I can certainly help point you in the right direction, there are a couple of options you can consider for cycling in Italy.
Firstly I would say an ideal place to base yourself would be in the heart of Dolomites. Here you have a vast selection of climbs compacted together, each with jaw dropping scenery, your partner would also be surrounded by the same scenery without having to venture out with you on the bike. The Dolomites are a haven to explore both on and off the bike. It offers an abundance of restaurants, walks, and caters very well for visitors. We know of a particularly cycling passionate accommodation, Hotel Ustaria Posta in Alta Badia, the owner is a cycling enthusiast like no other and will give you as much guidance as you need for your rides. Some Dolomite accommodations can be super high class and with it comes the price, see Passo Sella Resort as an example of the quality. There is much more on offer than the Alps or Pyrenees in this respect. One thing to be mindful of, the Dolomites are the busiest region we have ever experienced for cycling, so get your rides in as early as possible to avoid the traffic. Due to the compact nature of the climbs, you can access all of the climbs very easily from the main towns of Corvara, Cortina d’Ampezzo, Arabba, Alta Badia and Canazei.
Climbs close by:
Passo Fedaia - Must visit the Marmolada, by bike and by foot
Bormio - This is the mecca - the base of the Passo Stelvio and Passo Gavia, both of these climbs start right from the town. This location is more suited to the cycling side of your trip, the town itself has some lovely restaurants but for the exploring side of the day, there would be more driving involved than the Dolomites. You are still is mesmerising surroundings but perhaps not so much as the Dolomites, they are simply spectacular. We have had some ‘interesting’ experiences in Bormio hotels, and whilst there are quite a few to choose from, the best with regards to price, hospitality and facility is the hotel Nevada whatever budget or standard, this stands out a mile. Plus the owner drove our car to the top of the Stelvio so we could continue our journey home…that service is unrivalled.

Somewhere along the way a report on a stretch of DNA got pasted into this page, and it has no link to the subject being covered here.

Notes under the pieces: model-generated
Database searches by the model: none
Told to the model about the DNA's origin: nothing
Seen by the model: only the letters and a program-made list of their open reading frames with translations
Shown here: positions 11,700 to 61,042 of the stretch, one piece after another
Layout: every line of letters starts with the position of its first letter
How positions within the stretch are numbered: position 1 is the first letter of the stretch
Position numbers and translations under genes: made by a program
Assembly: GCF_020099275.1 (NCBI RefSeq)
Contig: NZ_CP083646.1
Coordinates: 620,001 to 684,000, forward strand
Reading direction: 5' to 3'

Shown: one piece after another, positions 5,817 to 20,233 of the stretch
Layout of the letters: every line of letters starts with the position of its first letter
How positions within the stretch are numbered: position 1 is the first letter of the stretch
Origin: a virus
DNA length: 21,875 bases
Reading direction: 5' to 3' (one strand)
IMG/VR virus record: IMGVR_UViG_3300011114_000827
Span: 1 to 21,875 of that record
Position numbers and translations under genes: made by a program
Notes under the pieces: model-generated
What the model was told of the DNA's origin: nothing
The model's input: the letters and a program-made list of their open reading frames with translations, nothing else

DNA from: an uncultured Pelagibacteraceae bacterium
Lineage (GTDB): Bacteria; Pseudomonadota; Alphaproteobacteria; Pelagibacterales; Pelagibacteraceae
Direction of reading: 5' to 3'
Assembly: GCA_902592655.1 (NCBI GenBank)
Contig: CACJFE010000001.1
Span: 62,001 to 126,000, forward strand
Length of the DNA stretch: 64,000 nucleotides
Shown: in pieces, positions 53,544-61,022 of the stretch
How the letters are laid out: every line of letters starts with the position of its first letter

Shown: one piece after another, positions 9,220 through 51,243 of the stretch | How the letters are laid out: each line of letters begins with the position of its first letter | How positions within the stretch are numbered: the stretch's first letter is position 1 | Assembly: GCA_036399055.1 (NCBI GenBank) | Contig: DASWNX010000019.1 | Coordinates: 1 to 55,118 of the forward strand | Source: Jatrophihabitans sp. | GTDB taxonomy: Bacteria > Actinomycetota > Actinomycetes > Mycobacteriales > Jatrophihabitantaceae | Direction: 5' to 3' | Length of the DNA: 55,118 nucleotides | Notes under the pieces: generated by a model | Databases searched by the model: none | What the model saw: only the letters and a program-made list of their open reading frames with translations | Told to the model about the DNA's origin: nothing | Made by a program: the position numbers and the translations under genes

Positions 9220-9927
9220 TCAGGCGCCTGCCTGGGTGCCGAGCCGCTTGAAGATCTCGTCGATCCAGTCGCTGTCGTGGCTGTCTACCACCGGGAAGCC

Climbs close by:
An option may be to split your time between the two regions, spending 2 days in Bormio and the rest in the Dolomites, that way you get to experience the mighty giants and still experience the striking vistas of the Dolomites. The drive is approx 3.5 hours between the two regions. We flew into Venice and out of Milan which is an option to cut down on travel time.
I hope this helps Jesse, we’ve got a load more videos on the way from both regions so stay tuned for more!
Once again thanks for getting in touch.
Cheers for now,
PS - I could so do with some vitamin D right now!
Thanks for the question. It sounds like you are on for a MONSTER trip to the Alps, that’s what we love to hear!
In terms of preparation, the most important thing will be to try and build a solid base fitness through consistent time on the bike. Riding 4-6 times per week will be perfect of for this especially since you live in North Devon where you have some steep pitches to play with to help to build strength. One very important point in your preparation, and also when you are out in the Alps, is to listen to your body. If you’re feeling tired then back off a little to give your body a chance to recover. Try to build up to the same duration per ride that you hope to do when in the Alps. Use this build up time to practice pacing and experiment with nutrition so hopefully there will be no surprises when you’re out there. Try not to get carried away, it’s easy to get super focused and end up doing too much so once again take note of how you are feeling week in week out. You want to get to the Alps fresh both mentally and physically. The accumulative fatigue from all the climbing that you’ll do out there will mean you’ll definitely want to take some easy days, so good job on factoring those in. I’ve always found that keeping my training simple and as close to the intensity and duration of my end goals has worked well in the past. And finally, you’ve got a lot of time to prepare slowly, slowly, building up your fitness in a controlled way. Make sure you enjoy your cycling, it should always be fun. The moment it feels like a chore it’s likely you’re doing too much.